the sensitivity with which you unveil so many different parts of poker and life is delightful and often very very funny.

Steve Young at 10:20 am on May 4th, 2011

I am reading your book at the moment and have to say what a thoroughly entertaining read it is.  I play in our local LPPL pub league and have recently won a seat at a team event at Dusk Till Dawn, it will be my first time playing in such an event and wondered if there was any advice to ease nerves and enjoy the experience.



Victoria Coren at 1:47 am on May 5th, 2011

Hi Steve. Well, for technical and strategic poker thoughts, go to the “poker” page of this site and click “poker advice”.

But you ask specifically how to relax and enjoy this upcoming tournament - which, in my opinion, is absolutely the right and most important question.

I’d say three things. I ALWAYS advise people (at any level) that the key thing is never to play for sums you can’t comfortably afford. In this case, you’ve won the seat for free! So I would keep that in your head at all times. You’ve got a brilliant opportunity to play with absolutely no down side of losing money. Remind yourself of this, at any point when you feel nervous; you’d feel a lot more nervous if you had £500 on the line! This is a rare shot to be free of that concern.

The second thing I’d say is, take your time at the start. Get a feel for the table before making any big moves. For the first few levels, if the blinds are very small (say, a hundredth of your stack) you can certainly limp in to a few pots (with pairs or suited connectors), to give yourself the chance to play a bit and get your eye in cheaply - there shouldn’t be any danger of getting knocked out at that stage, so you can get some hands under your belt before the blinds are dangerous - but be ready to give up on the flop if you only make half a hand, like middle pair.

Other than that, pass a lot. Tell yourself you’re just relaxing and watching some poker, only you have the fun of being in the middle of the action! This has the double benefit of not getting yourself knocked out too quickly and failing to have an experience, and - better still - getting a feel for the other players, working out who’s a dangerous opponent and who you’d rather play against, before you get too involved.

  Lastly, don’t bother bluffing unless your chips reach an emergency state and you have to. Bluffing is much more stressful (and usually less lucrative!) than just value-betting your good hands.

Good luck, and I hope you have an enjoyable tournament.

James at 5:17 pm on May 9th, 2011

Tore through this in a couple of days and absolutely loved it.Thanks so much for sharing such an interesting story (and such interesting characters) with us.This is the bit where my post gets a bit weird.The book echoes my experiences in the world of cage fighting - honestly.The story of coming from a position of being an outsider to acceptance to victory is something I felt a little familiarity with.I was a polite middle class boy,got involved in a sport that some may see as ‘shady’,became a well respected journalist in it,competed and then tried to explain to everyone I met that I don’t (or didn’t now) do it for the reasons that everyone thought I did.There are more comparisons but I guess that the point I’m trying to make is that its a story that transcends poker and a great one at that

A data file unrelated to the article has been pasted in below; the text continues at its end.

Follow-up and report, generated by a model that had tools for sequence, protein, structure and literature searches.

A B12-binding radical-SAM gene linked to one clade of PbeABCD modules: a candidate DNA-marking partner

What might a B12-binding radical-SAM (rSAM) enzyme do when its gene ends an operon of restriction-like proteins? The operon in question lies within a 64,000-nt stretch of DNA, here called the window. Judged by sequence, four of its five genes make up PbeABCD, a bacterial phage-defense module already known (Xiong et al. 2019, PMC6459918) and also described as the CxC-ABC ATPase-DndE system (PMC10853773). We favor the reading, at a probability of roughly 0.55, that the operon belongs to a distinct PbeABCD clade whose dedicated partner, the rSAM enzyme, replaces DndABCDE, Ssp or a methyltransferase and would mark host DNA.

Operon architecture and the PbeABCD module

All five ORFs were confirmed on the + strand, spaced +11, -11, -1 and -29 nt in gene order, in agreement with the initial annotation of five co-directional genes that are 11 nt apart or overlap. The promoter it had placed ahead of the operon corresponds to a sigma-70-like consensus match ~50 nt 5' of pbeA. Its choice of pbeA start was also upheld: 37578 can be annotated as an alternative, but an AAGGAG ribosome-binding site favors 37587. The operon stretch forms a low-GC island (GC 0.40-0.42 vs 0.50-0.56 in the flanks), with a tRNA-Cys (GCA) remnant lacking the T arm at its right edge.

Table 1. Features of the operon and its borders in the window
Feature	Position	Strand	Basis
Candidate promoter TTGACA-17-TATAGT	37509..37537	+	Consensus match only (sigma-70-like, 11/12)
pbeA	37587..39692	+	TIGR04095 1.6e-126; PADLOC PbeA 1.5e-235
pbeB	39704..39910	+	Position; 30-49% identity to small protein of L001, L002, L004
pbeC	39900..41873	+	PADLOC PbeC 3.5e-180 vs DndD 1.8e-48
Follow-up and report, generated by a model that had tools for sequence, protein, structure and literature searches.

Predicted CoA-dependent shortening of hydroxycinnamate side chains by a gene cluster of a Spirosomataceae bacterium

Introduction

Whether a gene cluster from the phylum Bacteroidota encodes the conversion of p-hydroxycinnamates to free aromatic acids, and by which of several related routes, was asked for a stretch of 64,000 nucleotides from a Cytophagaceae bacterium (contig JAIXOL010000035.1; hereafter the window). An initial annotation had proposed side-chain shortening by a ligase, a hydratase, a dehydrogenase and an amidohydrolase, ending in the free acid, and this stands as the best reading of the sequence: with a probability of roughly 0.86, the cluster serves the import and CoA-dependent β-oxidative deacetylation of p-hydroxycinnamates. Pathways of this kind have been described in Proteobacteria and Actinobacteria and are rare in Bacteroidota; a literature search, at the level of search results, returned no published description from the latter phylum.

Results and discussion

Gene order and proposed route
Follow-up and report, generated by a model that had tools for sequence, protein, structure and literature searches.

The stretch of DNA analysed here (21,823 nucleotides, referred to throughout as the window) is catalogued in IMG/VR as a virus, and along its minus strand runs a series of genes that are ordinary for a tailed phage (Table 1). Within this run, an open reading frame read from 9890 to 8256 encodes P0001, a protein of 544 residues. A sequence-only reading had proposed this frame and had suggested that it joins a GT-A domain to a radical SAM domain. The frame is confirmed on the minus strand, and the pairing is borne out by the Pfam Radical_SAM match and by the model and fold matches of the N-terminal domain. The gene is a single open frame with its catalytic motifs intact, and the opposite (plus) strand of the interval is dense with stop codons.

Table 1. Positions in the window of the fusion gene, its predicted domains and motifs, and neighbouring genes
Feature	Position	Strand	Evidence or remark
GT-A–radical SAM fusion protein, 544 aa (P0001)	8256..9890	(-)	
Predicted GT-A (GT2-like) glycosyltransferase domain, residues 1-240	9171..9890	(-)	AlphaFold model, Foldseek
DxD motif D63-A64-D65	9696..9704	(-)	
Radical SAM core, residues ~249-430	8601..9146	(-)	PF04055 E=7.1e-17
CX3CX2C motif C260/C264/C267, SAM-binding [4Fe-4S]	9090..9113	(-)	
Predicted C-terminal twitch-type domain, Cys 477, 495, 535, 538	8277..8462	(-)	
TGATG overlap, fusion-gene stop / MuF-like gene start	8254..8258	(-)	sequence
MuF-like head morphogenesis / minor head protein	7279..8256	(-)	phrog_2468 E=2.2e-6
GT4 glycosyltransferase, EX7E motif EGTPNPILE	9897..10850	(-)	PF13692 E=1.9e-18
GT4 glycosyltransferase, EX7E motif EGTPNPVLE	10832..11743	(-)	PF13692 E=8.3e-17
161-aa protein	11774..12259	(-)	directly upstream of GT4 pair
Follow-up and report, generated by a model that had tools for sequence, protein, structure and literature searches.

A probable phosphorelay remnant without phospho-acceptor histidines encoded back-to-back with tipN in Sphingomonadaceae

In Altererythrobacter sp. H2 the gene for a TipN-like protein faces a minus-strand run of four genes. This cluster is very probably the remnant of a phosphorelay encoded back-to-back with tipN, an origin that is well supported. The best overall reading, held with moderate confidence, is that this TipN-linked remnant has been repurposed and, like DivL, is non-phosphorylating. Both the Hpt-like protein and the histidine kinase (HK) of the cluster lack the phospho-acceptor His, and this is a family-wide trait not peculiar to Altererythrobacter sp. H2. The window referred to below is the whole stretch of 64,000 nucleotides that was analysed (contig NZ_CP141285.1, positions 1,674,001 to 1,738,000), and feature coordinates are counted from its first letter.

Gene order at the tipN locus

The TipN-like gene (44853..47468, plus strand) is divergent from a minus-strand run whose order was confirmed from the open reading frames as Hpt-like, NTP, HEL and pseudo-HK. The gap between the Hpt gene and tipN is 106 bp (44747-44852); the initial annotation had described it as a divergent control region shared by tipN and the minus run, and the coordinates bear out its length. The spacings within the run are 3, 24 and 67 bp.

Steve Young at 11:36 am on May 16th, 2011

Many thanks for your advice regarding the tournament I was in.  I had a fantastic weekend of poker.  Didn’t cash, but out of the 3 events we played as part of the team tournament I bubbled in two of them and was a very good way of introducing myself to that kind of environment.

Just testing out something, to see if an incredibly drunk guy on the Friday night is winding me up or not…..... Matt Dale says hi.  When I was chatting about your book he was sitting with us and said oh yes I know her.



Victoria Coren at 12:12 pm on May 16th, 2011

Hi Steve. Yes sure I know Matt Dale - haven’t seen him for a while, but have met him lots of times. Please tell him hello and good luck from me.

Matt at 3:52 pm on July 26th, 2011

Hi Victoria

Loved the book, so went on Amazon and ordered Once More with Feeling.

Duly delivered, sat down with Nice Pot of Tea, and discovered…the cover of the book is the right one. The book printed inside, however, is ‘The Age of Consent’ by George Monbiot. I did check, and it was definitely tea in the pot.

Utterly bizarre? Or is there some inside gag I’m not aware of?

Victoria Coren at 12:04 am on August 1st, 2011

Hi Matt. That really is one of the oddest things I’ve ever heard. Are you sure?! Have you spoken to Amazon? Do you know if they somehow… printed it themselves? I don’t know what to make of it, it’s weird weird weird.

Sabre Biscuits at 10:48 am on August 15th, 2012

Dear Victoria,

the book was awesome - both my wife and I read it this summer and despite not really playing the game, loved it.

It’s just so refreshing to find a person who is prepared to write with intelligence, wit, insight, and who expects more of the reader…the book makes a mockery of the “Big Brother / Chat magazine / Radio 1” breathless clamour of superficial nonsense, where the humour always degenarates into “aren’t we all thick”

The book is brilliant.

Jonathan at 2:52 pm on January 2nd, 2016

I read FRFP when it was first published having been a long term fan of your work from the Daily Telegraph column days. It inspired me to play a little on-line and in pub tournaments. A few weeks ago I made it onto the final table at the Vic in a little tournament. Poker at its best is a phenomenally developmental experience. I have you and your book to thank. There are those who think I have developed a gambling problem - I just suggest that they read your fabulous book.

Victoria Coren